2 Kings 5:1-9

Recently Justin Morrow flew me from the Jackson County Airport to the Troy Memorial Airport in Troy, Alabama so I could attend and speak at my high school English teacher’s funeral following our own church services here last month.  Justin is a thirty-two-year old pilot that has been flying since he was sixteen. He learned to fly here at the Jackson County Airport and now flies some for American Airlines.

We punched through the clouds at a modest eight thousand, five hundred feet, collecting a little moisture on the windshield each time.  We caught an unexpected tailwind on the way over and traveled at a maximum speed of 125 miles-per-hour aboard a 1975 Cessna.

The trip back was a little slower as we caught a headwind but a little smoother as darkness began descending on us.  It was then that the obvious occurred to me.   Every reference point a pilot relies on in the daytime changes.  Now with darkness surrounding us, it was beacon of light or a well lit runway that become Justin’s reference points, not fields and bodies of water.  Then I wondered, what happens when there are no lights, when it’s pitch black dark everywhere?

I remembered hearing years ago about John F. Kennedy Jr., his wife, Carolyn, and her sister Lauren and how they were killed when the plane Kennedy was piloting crashed into the Atlantic Ocean off the coast of Martha’s Vineyard at night.

Those who investigated the crash believed that Kennedy fell victim to spatial disorientation, which happens when it is so dark that pilots cannot tell where the horizon is in relation to the earth.

0I asked my pilot if he’d ever experienced anything like this.  He said once he was flying in the Everglades.  He said that it was a beautiful night and the stars were shining bright in the sky and they were reflecting off the still, glassy water below.

“It may be the closest sensation I will ever have to flying in space,” he said.  “If it wasn’t for my instruments panels, I would not have been able to tell up from down.”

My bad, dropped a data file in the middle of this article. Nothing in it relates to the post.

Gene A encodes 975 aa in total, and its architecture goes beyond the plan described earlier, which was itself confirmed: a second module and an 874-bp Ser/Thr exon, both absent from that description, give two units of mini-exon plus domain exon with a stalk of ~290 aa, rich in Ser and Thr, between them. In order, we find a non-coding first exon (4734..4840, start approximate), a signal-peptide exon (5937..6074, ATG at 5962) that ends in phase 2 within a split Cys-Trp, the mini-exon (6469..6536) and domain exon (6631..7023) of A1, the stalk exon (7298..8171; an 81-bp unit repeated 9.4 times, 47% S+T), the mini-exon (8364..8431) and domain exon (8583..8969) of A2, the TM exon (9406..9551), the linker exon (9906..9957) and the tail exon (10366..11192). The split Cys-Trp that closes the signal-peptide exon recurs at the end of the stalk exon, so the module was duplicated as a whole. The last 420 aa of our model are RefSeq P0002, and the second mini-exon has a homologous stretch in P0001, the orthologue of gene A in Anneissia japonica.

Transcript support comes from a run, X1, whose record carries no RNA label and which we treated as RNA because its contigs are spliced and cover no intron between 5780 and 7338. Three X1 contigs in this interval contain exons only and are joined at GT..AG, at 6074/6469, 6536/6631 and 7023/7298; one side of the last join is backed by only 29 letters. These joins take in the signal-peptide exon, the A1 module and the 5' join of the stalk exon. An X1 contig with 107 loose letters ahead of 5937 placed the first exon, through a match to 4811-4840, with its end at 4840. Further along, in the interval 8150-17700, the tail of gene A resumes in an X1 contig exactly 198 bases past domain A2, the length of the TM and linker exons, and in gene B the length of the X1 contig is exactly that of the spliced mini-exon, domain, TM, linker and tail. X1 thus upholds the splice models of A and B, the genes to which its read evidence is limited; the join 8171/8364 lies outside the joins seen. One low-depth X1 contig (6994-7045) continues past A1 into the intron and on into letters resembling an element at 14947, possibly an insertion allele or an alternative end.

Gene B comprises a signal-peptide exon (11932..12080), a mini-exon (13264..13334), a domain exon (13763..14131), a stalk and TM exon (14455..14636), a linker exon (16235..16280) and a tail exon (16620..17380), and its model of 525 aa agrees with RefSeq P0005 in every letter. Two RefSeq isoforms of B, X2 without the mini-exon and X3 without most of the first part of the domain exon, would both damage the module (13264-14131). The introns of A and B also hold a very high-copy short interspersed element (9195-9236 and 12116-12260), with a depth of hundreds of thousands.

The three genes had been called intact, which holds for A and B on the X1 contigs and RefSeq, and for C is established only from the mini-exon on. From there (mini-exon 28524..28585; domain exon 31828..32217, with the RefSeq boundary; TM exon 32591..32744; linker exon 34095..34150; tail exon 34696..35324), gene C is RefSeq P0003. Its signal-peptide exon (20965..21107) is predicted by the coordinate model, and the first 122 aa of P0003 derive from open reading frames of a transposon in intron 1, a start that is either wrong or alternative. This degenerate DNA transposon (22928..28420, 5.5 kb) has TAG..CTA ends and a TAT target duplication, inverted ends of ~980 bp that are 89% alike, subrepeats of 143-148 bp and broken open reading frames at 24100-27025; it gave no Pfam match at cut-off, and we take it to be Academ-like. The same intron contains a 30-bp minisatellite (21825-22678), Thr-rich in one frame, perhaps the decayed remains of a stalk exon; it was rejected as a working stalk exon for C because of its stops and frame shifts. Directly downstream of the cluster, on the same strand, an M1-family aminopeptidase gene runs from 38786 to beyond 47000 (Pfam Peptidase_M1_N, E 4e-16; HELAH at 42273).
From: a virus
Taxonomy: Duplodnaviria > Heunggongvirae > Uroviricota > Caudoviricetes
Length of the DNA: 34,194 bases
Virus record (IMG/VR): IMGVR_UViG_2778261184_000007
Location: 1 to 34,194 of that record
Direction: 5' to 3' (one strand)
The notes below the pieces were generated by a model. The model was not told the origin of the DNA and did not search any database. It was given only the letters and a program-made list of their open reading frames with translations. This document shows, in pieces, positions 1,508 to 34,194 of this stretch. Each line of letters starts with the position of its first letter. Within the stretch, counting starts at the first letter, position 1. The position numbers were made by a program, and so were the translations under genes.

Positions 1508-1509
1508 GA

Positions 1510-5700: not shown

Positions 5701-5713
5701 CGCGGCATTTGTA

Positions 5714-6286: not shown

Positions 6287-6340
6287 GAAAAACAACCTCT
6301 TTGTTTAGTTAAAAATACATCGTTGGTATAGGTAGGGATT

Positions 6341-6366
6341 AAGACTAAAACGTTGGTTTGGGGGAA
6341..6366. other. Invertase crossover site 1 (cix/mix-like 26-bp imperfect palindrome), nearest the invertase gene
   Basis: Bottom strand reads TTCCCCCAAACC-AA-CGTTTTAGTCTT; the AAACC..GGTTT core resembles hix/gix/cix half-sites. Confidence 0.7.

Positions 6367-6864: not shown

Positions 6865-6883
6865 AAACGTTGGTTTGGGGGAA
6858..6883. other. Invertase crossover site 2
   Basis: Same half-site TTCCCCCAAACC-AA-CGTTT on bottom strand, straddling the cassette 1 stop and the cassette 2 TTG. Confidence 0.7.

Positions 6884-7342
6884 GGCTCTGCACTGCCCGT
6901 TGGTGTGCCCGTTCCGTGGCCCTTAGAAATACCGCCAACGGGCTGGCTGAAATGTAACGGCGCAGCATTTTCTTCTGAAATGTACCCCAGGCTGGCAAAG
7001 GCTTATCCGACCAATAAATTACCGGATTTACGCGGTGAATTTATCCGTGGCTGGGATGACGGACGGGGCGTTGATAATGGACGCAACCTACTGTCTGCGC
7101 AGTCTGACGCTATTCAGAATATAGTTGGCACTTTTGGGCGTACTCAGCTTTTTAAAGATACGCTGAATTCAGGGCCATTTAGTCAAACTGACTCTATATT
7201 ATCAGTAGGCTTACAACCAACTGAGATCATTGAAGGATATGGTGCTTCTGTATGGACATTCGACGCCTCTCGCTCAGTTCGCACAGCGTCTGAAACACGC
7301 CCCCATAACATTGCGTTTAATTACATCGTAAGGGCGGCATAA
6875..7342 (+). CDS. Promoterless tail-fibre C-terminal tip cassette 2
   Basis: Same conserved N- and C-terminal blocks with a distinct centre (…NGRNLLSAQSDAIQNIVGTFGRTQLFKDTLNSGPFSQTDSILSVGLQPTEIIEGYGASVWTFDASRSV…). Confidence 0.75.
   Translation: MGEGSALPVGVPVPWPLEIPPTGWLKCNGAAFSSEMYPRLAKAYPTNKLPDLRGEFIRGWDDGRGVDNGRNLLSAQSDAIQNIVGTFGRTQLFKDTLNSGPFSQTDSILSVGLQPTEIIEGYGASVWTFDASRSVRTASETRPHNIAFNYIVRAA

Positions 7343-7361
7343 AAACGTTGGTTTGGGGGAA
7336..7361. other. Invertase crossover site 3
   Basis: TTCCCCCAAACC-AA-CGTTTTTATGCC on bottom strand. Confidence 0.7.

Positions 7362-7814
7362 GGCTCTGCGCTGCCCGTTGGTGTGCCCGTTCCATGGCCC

As you might imagine, not being able to tell up from down is a problem for a pilot.  However, what makes spatial disorientation so deadly is that sometimes pilots don’t know they are experiencing it.

Without visual references, false sensations are often generated in total darkness.  A pilot may believe the altitude of the plane has changed when in fact it has not.  This can lead to the pilot making a change that does the opposite of what he or she needs and the result is a crash.

Or the plane may make a slight change of altitude over a longer period of time which the pilot cannot detect.  This can lead to a crash without the pilot ever touching the controls.

This kind of pilot error is most common in those pilots who have yet to become trained to fly by instruments only and also by those pilots who ignore adverse flying conditions because they don’t believe the conditions apply to them.  They believe they can fly through, around, or above any trouble in the sky.  They have a schedule to keep and they are going to keep it regardless.  This behavior trait has been seen so often in dead pilots who refused to heed the warnings that it has been given a name:  “get-there-i-tis.” http://aviationweek.com/business-aviation/spatial-disorientation-cockpit-quick-killer

They are too proud to say, “You know, that meeting is important, but if I’m not there, the company will survive.  I’ll miss an important event.  What’s most important is that I live another day.”

It’s not easy to let go of pride.  If that Big I right in the middle of pride becomes big enough, it will be like a tumor that takes over a major organ of our body and chokes off our life source.